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theman

I know it’s amazing that I get all my facts from Geraldo Rivera and Fox, but the really interesting thing is that I don’t remember that the policies that I’m refering to we started during the Reagan administration.
Who cares. Death to facts!

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Theman

86 mets, it was liberal policy to release all the people with mental problems , courtesy of a gerealdo Rivera exposé . The then democrats had them all released on the streets with no meds or supervision . Change man is this legacy . It took two republican mayors with stop and frisk and other methods to get this town under control. If a democrat wins this year we will be back to the bad old days real quick .

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Sycamore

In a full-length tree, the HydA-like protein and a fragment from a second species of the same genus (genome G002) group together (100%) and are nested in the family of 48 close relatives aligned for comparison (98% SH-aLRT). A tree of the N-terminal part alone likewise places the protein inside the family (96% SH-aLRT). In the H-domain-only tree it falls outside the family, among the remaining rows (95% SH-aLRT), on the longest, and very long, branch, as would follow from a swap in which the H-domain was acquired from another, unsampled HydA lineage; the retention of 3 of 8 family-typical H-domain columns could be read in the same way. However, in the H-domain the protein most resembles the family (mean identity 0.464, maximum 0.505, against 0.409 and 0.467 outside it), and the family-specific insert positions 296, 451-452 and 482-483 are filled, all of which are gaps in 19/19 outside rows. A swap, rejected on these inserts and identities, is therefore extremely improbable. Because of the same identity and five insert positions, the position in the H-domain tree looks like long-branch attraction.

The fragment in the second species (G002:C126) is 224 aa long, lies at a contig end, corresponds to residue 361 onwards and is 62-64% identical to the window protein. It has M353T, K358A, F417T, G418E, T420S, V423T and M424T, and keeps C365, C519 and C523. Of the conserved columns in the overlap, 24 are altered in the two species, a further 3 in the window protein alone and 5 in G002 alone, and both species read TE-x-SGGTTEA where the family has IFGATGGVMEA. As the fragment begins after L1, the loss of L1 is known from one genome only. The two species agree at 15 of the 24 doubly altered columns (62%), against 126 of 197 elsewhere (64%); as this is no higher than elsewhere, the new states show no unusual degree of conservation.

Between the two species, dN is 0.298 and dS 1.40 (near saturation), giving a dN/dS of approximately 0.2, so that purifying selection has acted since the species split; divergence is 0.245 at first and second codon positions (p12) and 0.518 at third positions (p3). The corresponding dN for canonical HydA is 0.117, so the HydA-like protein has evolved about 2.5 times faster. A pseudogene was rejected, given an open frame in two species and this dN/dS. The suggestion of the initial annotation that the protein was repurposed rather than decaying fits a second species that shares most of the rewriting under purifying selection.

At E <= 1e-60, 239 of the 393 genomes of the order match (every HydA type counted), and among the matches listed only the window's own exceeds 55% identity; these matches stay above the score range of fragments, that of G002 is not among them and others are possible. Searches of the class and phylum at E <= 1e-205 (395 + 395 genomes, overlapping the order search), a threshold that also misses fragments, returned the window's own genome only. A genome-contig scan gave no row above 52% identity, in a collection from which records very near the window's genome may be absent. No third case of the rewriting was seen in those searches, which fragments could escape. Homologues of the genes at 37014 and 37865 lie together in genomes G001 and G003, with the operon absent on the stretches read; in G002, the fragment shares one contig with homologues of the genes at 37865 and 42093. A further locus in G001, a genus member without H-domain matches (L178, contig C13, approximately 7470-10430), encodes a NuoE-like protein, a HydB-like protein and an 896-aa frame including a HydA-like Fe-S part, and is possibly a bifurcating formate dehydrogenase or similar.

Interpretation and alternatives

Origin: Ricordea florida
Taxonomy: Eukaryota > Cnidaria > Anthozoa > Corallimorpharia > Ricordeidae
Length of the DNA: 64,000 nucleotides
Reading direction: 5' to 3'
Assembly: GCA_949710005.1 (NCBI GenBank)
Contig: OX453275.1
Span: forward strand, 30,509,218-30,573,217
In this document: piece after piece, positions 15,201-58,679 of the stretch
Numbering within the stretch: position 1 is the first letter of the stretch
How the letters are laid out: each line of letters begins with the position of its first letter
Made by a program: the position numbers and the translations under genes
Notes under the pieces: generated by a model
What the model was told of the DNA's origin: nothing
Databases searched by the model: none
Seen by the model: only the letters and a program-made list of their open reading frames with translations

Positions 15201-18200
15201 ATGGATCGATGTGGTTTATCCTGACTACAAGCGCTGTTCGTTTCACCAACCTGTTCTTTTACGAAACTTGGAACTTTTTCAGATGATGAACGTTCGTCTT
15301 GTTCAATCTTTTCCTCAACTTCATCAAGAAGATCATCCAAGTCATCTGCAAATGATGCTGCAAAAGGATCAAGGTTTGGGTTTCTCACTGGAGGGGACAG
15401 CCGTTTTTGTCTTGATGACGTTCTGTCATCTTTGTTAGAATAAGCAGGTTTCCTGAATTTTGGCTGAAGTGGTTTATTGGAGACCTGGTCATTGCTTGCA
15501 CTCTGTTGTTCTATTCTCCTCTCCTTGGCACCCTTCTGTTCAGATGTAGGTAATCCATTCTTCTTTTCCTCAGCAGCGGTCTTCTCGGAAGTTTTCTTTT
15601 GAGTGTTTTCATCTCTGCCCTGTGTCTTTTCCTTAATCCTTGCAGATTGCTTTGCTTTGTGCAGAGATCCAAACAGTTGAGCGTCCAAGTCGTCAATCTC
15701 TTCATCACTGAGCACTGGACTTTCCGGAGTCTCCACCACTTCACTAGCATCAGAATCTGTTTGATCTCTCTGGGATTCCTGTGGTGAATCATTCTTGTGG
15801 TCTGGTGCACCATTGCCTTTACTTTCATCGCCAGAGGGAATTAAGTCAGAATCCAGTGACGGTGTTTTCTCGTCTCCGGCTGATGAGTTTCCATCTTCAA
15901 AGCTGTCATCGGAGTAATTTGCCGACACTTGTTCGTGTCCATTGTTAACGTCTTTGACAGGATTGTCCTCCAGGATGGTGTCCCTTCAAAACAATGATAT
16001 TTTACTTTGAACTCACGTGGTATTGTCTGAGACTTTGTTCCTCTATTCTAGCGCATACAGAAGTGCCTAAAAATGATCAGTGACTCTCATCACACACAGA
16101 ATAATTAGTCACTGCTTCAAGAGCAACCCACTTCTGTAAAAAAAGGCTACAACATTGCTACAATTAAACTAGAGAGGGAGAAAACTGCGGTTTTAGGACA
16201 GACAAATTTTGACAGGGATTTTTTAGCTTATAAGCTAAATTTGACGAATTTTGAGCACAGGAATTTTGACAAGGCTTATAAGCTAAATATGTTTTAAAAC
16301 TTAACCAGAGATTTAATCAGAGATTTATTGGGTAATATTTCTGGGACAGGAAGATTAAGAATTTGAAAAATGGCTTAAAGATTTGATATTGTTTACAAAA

I saw the movie on Apple TV this weekend. RCN provided vey slow service so the movie kept stopping while the download caught up, which might have effected my opinion, but I found the movie sad, confusing, and horrific in many ways. The squalor, the alcoholism, the ignorance and isolation, were overwhelming. Yes, the human spirit is ferociously brave, but, well, I don’t know what to say. I should watch it again, I guess.

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86Mets

Except of course it was not liberals who moved, it was the racist conservatives. Also, I can’t really name any social policies, I just parrot things I see on Fox.

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86Mets

Ok, where does one apply for a job as a “folklorist?”

“Rising crime in the 1990’s forced the family to move upstate to Hastings.”

Ah yes, white, urban liberals running away from the results of social policies they support.